NASFiC con report

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Keith F. Lynch

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Aug 26, 2020, 9:31:45 PM8/26/20
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The 2020 NASFiC is the third virtual con that I've interacted with.
(The first two were this year's Balticon and Newhere.) All three were
free. I won't say I've attended them. By "interacted" I'm excluding
any cons for which I've merely passively viewed events, such as
livestreamed Hugo award ceremonies. I have also attended 108 cons in
person (including one NASFiC), starting with the 1980 Disclave and
ending with last year's Philcon.

Like Balticon and unlike Newhere, much of the NASFiC's activity was on
Discord. I've been unable to sign up for a Discord account without
it demanding my birthday, which I'm unwilling to give. I'm also
unwilling to lie about it. Since Discord claims that question's
purpose is only to prove I'm over 13, for which my birth year suffices
since it was before 2007, and since nothing prevents a child from
lying about their birthday, they're either lying or incompetent. It's
my hope that all future virtual cons avoid using Discord until they
fix this. And that those cons not encourage fans to lie to Discord
about their birthdays. Or do cons really want to select for
dishonest members?

Other than a brief test to see if I could see and hear panels, the
first thing I viewed was the Prometheus Award ceremony, on Saturday.
It used Vimeo, which is sort of like Zoom's webinar mode except
without any text chat. C.J. Cherryh and Jane S. Fancher won for
_Alliance Rising_. Poul Anderson won the Hall of Fame award for
"Sam Hall." I don't know why the ceremony was at the NASFiC rather
than at the Worldcon.

Immediately after that ceremony, in the same "room," was "Visions of
SF, Liberty, Human Rights: The Prometheus Awards over Four Decades,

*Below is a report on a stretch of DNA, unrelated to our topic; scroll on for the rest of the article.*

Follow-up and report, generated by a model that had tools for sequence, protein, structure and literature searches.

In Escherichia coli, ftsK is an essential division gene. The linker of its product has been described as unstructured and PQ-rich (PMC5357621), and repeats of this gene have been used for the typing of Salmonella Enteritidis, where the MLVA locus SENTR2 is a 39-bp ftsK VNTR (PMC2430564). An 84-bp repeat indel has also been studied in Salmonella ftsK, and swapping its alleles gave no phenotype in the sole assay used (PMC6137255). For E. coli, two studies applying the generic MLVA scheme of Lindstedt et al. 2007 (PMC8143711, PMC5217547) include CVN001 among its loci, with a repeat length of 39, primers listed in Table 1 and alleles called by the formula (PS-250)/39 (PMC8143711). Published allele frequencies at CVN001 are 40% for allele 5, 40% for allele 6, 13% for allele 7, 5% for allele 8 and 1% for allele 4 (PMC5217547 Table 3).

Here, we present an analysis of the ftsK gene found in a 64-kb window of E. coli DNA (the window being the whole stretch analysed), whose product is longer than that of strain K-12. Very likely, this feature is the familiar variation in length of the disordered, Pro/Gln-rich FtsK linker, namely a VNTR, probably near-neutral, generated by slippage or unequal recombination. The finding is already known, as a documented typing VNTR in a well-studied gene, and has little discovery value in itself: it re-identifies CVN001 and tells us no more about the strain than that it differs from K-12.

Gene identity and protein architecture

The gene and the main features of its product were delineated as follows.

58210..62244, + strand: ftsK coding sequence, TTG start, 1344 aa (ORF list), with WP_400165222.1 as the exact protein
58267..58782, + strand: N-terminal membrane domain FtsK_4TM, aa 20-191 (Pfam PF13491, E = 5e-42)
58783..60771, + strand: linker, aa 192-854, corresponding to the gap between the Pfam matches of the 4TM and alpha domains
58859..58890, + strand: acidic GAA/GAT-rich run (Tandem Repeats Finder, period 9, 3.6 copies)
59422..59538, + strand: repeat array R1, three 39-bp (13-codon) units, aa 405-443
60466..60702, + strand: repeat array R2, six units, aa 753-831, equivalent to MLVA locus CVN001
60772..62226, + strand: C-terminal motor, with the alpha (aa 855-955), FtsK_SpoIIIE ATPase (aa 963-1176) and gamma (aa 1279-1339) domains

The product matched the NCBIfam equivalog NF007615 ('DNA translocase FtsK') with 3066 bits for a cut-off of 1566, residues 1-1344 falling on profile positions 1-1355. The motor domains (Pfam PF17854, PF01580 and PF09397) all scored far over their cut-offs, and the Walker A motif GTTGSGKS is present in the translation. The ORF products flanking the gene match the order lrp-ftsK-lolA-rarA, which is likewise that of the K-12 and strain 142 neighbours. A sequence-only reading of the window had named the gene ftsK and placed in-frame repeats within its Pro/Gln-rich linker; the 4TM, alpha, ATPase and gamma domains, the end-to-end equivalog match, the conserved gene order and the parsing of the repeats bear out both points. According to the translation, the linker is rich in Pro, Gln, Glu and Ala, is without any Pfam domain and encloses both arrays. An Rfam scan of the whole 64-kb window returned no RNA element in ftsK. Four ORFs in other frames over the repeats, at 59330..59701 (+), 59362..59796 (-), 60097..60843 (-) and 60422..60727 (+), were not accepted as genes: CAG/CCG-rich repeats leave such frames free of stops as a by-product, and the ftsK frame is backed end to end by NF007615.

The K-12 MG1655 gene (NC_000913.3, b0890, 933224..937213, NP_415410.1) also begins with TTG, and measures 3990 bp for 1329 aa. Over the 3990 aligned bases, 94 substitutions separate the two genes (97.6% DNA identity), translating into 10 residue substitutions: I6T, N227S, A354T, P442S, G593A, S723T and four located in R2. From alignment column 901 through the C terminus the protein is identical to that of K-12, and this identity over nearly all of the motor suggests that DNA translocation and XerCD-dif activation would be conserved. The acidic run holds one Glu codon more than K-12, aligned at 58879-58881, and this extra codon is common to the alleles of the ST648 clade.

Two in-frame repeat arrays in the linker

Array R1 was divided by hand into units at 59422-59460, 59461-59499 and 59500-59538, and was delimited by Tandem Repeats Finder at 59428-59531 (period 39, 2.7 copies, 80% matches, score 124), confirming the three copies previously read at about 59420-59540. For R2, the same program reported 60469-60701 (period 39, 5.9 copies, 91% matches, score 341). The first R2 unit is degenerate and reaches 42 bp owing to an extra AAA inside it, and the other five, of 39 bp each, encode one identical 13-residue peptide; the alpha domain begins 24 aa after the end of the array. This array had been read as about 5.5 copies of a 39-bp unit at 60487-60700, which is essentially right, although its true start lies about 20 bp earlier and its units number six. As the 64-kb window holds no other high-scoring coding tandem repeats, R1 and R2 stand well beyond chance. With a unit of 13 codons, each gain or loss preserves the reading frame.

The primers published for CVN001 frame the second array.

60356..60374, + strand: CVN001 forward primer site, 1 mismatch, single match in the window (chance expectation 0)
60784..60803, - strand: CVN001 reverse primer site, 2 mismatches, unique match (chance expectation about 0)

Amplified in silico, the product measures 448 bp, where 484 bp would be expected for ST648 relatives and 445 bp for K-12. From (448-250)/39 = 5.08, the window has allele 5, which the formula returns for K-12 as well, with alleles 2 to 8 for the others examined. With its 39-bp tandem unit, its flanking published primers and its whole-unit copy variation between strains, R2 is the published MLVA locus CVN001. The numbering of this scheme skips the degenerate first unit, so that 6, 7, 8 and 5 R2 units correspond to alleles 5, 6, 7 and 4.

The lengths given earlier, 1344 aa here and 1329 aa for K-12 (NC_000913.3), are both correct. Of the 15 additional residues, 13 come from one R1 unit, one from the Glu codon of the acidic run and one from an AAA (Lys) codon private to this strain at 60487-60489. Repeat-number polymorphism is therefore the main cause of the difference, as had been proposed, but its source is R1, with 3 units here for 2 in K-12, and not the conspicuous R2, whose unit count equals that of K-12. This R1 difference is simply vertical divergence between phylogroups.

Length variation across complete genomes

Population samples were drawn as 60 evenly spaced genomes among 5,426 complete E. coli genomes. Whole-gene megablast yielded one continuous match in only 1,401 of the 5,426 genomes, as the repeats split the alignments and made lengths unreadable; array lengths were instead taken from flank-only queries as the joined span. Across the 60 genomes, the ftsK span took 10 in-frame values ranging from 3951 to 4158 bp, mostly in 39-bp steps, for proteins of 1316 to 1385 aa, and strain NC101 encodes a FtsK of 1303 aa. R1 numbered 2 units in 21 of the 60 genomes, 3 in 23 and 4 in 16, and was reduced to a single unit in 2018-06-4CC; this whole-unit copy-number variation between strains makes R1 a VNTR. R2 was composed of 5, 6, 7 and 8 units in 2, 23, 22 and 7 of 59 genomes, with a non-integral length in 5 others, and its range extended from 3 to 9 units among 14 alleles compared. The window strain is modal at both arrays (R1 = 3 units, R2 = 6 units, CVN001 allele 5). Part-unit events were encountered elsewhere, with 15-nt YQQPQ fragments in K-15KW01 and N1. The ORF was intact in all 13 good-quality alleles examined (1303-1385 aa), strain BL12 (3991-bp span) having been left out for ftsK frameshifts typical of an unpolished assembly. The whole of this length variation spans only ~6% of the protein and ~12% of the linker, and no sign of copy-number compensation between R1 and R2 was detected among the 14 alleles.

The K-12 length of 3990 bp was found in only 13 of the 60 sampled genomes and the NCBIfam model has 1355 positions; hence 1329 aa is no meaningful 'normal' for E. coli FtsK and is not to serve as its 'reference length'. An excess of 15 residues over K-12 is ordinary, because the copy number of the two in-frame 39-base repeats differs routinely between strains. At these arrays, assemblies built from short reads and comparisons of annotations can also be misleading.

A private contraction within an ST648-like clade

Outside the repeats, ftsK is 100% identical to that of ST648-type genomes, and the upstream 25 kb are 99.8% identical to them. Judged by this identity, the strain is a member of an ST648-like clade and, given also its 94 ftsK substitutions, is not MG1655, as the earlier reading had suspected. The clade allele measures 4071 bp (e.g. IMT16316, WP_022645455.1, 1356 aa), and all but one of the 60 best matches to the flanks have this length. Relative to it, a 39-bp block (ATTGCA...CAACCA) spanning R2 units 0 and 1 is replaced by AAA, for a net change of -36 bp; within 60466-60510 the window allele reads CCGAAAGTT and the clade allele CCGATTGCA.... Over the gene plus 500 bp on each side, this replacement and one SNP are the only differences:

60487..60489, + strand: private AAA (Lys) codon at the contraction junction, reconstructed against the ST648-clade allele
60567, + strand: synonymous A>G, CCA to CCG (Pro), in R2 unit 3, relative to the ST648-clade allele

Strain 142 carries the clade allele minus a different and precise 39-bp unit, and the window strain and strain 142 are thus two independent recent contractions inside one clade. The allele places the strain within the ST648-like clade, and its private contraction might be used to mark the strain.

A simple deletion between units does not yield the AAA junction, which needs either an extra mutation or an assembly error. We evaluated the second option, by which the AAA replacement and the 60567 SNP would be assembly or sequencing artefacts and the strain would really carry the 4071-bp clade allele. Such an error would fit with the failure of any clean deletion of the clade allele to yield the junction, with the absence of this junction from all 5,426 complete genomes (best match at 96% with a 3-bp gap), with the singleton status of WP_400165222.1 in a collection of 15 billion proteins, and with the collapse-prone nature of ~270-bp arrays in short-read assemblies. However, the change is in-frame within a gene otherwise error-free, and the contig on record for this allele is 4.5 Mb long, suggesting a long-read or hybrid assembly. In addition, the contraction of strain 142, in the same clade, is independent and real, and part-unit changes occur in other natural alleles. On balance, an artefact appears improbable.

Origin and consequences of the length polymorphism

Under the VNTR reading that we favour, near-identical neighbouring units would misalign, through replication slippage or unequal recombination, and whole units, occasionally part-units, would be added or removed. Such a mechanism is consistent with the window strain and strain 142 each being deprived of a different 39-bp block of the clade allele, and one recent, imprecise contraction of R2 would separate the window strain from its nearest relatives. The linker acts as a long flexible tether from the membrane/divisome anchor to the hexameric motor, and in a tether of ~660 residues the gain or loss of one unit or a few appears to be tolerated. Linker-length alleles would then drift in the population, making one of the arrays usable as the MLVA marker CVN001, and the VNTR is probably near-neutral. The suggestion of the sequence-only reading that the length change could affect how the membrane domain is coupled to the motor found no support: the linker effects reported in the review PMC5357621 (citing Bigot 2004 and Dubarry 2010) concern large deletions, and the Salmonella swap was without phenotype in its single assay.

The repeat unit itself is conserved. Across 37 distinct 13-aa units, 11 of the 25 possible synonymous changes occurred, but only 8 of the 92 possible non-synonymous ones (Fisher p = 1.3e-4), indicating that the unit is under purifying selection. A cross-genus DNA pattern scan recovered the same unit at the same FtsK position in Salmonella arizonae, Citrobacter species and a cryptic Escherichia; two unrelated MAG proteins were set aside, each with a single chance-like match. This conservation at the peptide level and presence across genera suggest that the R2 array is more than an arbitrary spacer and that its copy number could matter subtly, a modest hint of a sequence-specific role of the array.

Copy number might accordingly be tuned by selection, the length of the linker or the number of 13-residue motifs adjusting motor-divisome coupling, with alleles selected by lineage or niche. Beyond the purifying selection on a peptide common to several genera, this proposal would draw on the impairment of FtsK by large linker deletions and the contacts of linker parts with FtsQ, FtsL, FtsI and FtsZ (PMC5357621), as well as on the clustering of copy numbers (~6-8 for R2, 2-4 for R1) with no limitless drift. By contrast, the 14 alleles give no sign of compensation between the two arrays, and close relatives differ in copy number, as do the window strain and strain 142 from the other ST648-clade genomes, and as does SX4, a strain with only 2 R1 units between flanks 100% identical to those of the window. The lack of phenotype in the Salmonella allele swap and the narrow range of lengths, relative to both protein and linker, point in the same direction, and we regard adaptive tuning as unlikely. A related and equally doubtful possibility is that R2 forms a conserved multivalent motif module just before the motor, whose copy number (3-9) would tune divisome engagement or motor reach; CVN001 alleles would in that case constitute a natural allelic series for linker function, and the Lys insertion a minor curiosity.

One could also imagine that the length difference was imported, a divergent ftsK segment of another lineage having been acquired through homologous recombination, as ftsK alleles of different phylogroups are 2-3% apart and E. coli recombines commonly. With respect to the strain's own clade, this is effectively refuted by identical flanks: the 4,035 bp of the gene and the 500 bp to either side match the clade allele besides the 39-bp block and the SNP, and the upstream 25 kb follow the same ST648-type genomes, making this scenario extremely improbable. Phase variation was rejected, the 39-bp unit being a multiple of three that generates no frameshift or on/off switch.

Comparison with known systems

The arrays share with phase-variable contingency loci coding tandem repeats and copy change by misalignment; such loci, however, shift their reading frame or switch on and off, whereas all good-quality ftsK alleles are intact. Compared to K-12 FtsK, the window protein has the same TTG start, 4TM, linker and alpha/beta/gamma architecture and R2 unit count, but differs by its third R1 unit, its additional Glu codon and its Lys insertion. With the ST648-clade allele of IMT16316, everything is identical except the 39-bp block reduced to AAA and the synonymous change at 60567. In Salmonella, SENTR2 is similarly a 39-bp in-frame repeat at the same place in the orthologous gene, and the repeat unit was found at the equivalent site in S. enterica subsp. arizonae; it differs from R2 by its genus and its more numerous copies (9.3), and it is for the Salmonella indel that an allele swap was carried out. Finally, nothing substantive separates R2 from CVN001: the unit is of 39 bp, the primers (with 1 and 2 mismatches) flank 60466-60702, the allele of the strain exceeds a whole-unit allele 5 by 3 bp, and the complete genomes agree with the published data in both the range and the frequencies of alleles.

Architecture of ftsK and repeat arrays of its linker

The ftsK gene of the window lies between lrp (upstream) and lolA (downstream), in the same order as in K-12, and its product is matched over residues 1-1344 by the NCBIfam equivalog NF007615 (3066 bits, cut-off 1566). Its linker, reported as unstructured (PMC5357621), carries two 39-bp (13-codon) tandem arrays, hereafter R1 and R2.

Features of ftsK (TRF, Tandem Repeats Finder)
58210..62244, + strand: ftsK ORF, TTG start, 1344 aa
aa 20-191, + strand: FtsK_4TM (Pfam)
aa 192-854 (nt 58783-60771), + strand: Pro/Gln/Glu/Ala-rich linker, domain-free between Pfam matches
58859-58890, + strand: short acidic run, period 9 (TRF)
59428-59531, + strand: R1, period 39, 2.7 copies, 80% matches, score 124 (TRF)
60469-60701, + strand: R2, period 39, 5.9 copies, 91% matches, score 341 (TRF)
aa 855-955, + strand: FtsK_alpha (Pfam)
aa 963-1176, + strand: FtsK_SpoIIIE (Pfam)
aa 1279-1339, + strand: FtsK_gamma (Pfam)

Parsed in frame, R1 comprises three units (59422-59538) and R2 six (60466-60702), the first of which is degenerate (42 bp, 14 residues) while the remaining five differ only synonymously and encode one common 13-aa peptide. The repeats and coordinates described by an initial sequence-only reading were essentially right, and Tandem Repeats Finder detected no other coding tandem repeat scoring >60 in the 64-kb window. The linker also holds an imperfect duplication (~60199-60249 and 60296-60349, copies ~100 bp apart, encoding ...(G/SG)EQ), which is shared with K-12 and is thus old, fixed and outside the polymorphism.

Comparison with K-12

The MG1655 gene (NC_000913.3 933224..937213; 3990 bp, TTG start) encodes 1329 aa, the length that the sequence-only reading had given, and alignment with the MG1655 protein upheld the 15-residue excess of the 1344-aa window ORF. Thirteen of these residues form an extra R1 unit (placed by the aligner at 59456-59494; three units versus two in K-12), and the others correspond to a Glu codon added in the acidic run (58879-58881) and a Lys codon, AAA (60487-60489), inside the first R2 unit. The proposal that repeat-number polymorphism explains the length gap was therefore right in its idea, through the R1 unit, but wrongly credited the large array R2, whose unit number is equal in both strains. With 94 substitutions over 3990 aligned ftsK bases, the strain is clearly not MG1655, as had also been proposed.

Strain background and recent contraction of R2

from F. Paul Wilson and Robert Heinlein to Today." As the panel
approached the end of its hour, it was abruptly cut off without
notice as one of the panelists was talking.

My next event, on Sunday, was _Future of Policing: A Journey Planet
Fanzine Workshop_. I arrived a little too early, so I got a screen
that said "Our program will begin shortly... Please Stand By!" It
continued to say that until well after the event was due to begin.
Finally, I tried reloading the Vimeo web page, and the program
began in the middle. Not a well-thought-out user interface.

They were apparently taking questions from the audience via Discord.
I think they want audience members to contribute articles on the
subject of policing to their fanzine. If so, I certainly plan to
submit one, as I have strong opinions, based on personal experience
and lots of reading on the topic.

Vimeo, unlike Zoom, cuts off the beginnings of the names of panelists
who are on the left edge of the screen. Also, it has automatically
generated captioning which is distracting and inaccurate, hides the
names of the panelists who are on the bottom of the screen, and
apparently can't be turned off.

Two hours ahead of time, I signed up via the website for the
kaffeeklatsch with Eric Flint. I got no immediate indication or
feedback as to whether there was an opening or whether the event was
already full. A few minutes before the event was to begin I got two
emails, from two different people, providing the Zoom URL for the
event. This was my first truly interactive event at the con. It
went well. The author had a video background which I recognized